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1mhj

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1mhj, 20 NMR models ()
Resources: FirstGlance, OCA, RCSB, PDBsum
Coordinates: save as pdb, mmCIF, xml


Contents

SOLUTION STRUCTURE OF THE SUPERACTIVE MONOMERIC DES-[PHE(B25)] HUMAN INSULIN MUTANT. ELUCIDATION OF THE STRUCTURAL BASIS FOR THE MONOMERIZATION OF THE DES-[PHE(B25)] INSULIN AND THE DIMERIZATION OF NATIVE INSULIN

Publication Abstract from PubMed

The three-dimensional solution structure of des-[Phe(B25)] human insulin has been determined by nuclear magnetic resonance spectroscopy and restrained molecular dynamics calculations. Thirty-five structures were calculated by distance geometry from 581 nuclear Overhauser enhancement-derived distance constraints, ten phi torsional angle restraints, the restraints from 16 helical hydrogen bonds, and three disulfide bridges. The distance geometry structures were optimized using simulated annealing and restrained energy minimization. The average root-mean-square (r.m.s.) deviation for the best 20 refined structures is 1.07 angstroms for the backbone and 1.92 angstroms for all atoms if the less well-defined N and C-terminal residues are excluded. The helical regions are more well defined, with r.m.s. deviations of 0.64 angstroms for the backbone and 1.51 angstroms for all atoms. It is found that the des-[Phe(B25)] insulin is a monomer under the applied conditions (4.6 to 4.7 mM, pH 3.0, 310 K), that the overall secondary and tertiary structures of the monomers in the 2Zn crystal hexamer of native insulin are preserved, and that the conformation-averaged NMR solution structure is close to the structure of molecule 1 in the hexamer. The structure reveals that the lost ability of des-[Phe(B25)] insulin to self-associate is caused by a conformational change of the C-terminal region of the B-chain, which results in an intra-molecular hydrophobic interaction between Pro(B28) and the hydrophobic region Leu(B11)-Leu(B15) of the B-chain alpha-helix. This interaction interferes with the inter-molecular hydrophobic interactions responsible for the dimerization of native insulin, depriving the mutant of the ability to dimerize. Further, the structure displays a series of features that may explain the high potency of the mutant on the basis of the current model for the insulin-receptor interaction. These features are: a change in conformation of the C-terminal region of the B-chain, the absence of strong hydrogen bonds between this region and the rest of the molecule, and a relatively easy accessibility to the Val(A3) residue.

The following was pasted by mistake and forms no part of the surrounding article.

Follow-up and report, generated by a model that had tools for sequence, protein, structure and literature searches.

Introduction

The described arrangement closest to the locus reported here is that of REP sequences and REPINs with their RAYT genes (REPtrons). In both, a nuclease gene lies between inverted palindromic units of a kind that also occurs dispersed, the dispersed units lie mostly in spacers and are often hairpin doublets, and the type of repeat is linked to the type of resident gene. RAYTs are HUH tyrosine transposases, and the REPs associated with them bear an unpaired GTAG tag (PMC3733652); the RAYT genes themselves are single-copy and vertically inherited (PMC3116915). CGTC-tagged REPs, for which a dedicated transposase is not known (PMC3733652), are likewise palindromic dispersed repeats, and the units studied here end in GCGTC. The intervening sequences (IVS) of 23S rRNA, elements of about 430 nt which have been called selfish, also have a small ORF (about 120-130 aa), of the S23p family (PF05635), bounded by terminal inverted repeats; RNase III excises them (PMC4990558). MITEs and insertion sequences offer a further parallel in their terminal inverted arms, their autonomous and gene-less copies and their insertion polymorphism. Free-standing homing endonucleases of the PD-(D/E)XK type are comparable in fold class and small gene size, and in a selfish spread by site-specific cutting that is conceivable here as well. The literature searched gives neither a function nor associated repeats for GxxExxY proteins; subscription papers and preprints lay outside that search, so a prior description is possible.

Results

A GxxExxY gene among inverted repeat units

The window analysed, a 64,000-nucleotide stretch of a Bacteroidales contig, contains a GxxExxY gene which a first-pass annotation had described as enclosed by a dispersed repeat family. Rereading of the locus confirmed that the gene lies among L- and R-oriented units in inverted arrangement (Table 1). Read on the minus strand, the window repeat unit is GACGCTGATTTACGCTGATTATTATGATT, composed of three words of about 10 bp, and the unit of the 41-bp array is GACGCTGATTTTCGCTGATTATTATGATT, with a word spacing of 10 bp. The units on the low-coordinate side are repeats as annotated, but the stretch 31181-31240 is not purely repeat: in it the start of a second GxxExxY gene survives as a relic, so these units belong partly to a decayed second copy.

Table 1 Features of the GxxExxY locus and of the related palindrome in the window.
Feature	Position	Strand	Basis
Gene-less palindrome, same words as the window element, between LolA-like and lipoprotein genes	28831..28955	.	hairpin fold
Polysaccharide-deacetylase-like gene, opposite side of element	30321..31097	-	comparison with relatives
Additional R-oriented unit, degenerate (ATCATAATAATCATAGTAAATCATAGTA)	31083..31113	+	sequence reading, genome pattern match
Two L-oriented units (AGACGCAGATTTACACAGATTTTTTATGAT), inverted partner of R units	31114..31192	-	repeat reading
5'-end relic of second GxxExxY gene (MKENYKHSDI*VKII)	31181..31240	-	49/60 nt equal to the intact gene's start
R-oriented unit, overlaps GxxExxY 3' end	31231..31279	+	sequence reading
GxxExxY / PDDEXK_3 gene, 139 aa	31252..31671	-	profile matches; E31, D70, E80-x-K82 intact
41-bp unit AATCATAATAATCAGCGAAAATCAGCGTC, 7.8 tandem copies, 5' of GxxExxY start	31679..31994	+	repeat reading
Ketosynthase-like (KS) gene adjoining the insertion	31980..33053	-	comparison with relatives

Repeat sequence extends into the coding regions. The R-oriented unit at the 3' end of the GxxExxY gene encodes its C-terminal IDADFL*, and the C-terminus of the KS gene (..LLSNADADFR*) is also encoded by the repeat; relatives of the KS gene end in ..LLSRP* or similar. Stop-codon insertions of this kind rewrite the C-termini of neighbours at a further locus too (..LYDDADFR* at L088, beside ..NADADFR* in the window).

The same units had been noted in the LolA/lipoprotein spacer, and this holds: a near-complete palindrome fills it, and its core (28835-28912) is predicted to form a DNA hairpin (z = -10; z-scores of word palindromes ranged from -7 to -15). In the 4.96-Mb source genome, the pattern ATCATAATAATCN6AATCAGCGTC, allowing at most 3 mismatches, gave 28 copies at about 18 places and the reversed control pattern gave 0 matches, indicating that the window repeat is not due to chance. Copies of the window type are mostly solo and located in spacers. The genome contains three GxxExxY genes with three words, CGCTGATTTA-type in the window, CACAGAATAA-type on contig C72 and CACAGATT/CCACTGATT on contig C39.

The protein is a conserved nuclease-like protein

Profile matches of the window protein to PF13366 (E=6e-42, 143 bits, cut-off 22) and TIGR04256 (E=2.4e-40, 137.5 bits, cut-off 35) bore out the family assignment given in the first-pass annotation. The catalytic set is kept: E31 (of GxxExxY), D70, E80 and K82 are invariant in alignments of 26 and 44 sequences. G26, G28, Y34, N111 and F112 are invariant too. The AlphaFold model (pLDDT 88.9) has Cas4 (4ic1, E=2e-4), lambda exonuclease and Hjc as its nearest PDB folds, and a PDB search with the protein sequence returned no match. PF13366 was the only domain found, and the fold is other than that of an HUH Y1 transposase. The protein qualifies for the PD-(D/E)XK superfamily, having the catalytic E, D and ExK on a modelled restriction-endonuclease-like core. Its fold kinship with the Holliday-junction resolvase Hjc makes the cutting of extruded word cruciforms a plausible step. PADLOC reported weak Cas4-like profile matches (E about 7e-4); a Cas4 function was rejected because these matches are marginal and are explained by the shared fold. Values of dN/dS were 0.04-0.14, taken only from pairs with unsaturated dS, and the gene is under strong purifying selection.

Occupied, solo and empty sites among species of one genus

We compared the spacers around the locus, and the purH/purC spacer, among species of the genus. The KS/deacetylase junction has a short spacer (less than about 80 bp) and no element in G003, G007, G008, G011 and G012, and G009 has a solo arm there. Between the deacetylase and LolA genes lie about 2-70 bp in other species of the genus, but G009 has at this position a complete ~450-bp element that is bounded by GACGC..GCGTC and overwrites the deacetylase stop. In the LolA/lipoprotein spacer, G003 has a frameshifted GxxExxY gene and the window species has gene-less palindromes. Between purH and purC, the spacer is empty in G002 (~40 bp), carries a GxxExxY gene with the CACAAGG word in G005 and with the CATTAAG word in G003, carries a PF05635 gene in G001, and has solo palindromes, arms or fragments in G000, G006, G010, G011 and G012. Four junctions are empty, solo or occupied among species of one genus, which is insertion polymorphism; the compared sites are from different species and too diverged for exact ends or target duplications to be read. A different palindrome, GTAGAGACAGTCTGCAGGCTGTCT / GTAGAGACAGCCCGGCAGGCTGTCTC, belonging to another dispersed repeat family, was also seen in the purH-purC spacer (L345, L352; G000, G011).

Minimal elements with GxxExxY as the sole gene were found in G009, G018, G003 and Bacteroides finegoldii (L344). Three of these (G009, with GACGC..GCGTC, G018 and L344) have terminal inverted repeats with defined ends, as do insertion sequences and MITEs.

Solution structure of the superactive monomeric des-[Phe(B25)] human insulin mutant: elucidation of the structural basis for the monomerization of des-[Phe(B25)] insulin and the dimerization of native insulin., Jorgensen AM, Olsen HB, Balschmidt P, Led JJ, J Mol Biol. 1996 Apr 5;257(3):684-99. PMID:8648633

From MEDLINE®/PubMed®, a database of the U.S. National Library of Medicine.

Disease

[INS_HUMAN] Defects in INS are the cause of familial hyperproinsulinemia (FHPRI) [MIM:176730].[1][2][3][4] Defects in INS are a cause of diabetes mellitus insulin-dependent type 2 (IDDM2) [MIM:125852]. IDDM2 is a multifactorial disorder of glucose homeostasis that is characterized by susceptibility to ketoacidosis in the absence of insulin therapy. Clinical fetaures are polydipsia, polyphagia and polyuria which result from hyperglycemia-induced osmotic diuresis and secondary thirst. These derangements result in long-term complications that affect the eyes, kidneys, nerves, and blood vessels.[5] Defects in INS are a cause of diabetes mellitus permanent neonatal (PNDM) [MIM:606176]. PNDM is a rare form of diabetes distinct from childhood-onset autoimmune diabetes mellitus type 1. It is characterized by insulin-requiring hyperglycemia that is diagnosed within the first months of life. Permanent neonatal diabetes requires lifelong therapy.[6][7] Defects in INS are a cause of maturity-onset diabetes of the young type 10 (MODY10) [MIM:613370]. MODY10 is a form of diabetes that is characterized by an autosomal dominant mode of inheritance, onset in childhood or early adulthood (usually before 25 years of age), a primary defect in insulin secretion and frequent insulin-independence at the beginning of the disease.[8][9][10]

Function